Bayesian statistics, health economics and random stuff
My colleagues at the UCL Institute for Global Health have two positions available as Lecturer in Health Economics. These are part of the expansion we need to seek given the wild success of our MSc Health Economics and Decision Science Programme (which we lead jointly with Economics) — the number of students who want to come to us is getting large (almost 100 in year 3 of running it!) and so we are trying to increase capacity (hopefully, more on this to follow soon!
Even before the UK Government decided to call a snap election a month ago or so, I have been trying to do some work around the general topic of “elections” together with a number of colleagues, including Roberto Cerina (whom I’ve known since he was a student at UCL) and Raymond Duch at Oxford, as well as Christina Pagel at UCL and Christabel Cooper. The timing for the election was not the best — we were all busy doing our main job (which for some of us didn’t involve directly doing this…) so we didn’t manage to think carefully about all the bits and bobs we’ve started discussing.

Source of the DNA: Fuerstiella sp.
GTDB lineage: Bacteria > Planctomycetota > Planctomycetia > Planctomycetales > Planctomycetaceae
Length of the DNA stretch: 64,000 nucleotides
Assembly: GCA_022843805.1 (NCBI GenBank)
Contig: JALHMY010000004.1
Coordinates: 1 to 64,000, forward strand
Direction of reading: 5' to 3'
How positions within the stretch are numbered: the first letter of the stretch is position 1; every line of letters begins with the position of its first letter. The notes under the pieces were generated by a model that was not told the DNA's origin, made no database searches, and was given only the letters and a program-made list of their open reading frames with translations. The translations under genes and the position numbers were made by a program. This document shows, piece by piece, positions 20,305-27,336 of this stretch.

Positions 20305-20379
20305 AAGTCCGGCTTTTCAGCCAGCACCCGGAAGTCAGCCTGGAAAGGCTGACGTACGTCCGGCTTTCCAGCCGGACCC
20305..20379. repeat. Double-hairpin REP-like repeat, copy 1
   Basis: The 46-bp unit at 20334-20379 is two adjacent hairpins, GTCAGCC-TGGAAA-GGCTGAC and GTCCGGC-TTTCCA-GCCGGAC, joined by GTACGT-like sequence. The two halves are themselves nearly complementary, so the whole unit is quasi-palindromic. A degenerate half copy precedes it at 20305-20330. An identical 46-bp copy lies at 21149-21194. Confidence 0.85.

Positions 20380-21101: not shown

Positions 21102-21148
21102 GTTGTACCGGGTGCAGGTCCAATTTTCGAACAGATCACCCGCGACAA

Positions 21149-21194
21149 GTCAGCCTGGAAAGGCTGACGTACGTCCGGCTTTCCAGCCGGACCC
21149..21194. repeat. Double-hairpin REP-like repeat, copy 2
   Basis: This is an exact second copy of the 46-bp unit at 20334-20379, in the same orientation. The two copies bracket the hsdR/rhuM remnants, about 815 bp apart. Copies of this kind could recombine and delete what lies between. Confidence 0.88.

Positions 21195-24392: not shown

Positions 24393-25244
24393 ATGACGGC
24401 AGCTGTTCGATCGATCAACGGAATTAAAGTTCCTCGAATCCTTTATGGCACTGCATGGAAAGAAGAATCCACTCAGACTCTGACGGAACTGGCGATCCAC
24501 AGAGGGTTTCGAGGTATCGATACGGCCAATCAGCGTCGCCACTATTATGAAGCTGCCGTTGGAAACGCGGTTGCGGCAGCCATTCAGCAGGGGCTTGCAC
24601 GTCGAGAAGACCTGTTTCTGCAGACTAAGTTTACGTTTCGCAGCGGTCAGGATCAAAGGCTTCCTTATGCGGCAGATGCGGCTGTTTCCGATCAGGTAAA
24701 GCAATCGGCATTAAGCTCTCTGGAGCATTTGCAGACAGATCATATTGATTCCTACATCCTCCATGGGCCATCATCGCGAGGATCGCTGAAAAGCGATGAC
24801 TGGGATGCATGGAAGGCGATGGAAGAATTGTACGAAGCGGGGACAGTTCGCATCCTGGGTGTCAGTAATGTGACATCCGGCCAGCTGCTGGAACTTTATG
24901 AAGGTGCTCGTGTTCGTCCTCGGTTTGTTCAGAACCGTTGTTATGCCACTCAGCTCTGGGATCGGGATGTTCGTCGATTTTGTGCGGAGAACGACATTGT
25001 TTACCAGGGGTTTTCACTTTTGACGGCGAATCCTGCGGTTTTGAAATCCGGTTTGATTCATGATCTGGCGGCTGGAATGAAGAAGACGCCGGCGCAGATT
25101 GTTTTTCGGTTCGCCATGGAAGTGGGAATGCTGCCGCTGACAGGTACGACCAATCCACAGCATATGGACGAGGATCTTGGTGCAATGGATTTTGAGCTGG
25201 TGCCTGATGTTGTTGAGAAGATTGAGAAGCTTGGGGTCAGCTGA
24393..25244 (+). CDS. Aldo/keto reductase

We have an exciting opportunity in my group at UCL. We have a 5-year Senior Research Fellowship in Statistics and Health Economics — all details here. The post is Grade 8 with salary in the range £44,674 to £52,701 (depending on experience etc). I think it’s a really cool post: it’s co-funded by UCL and ICON, one of the leading consultancy companies in the area of economic evaluation and health technology assessment.
-- As the Christmas break gets closer and closer, I thought it would be a very good time to actually forget about the cold, snowy weather (I know… I sound as if I lived in Antarctica… It’s actually nice and sunny and not that cold today…) and start planning for everybody’s summer holidays. So, we’ve now officially opened the registration for next year Summer School in Bayesian Methods in Health Economics.
Of the many phrases and idioms in the English language, I think “have you thought this through” is one of my favourites — perhaps it’s the allitteration or that, if you’re not a native English speaker, you kind of have to concentrate to say it properly, with all the “h” sounds… And I often find myself wondering whether I’ve actually thought things through. Although, technically, that’s supposed to be my job — thinking things through and using (rigorously Bayesian) decision theory to make decisions…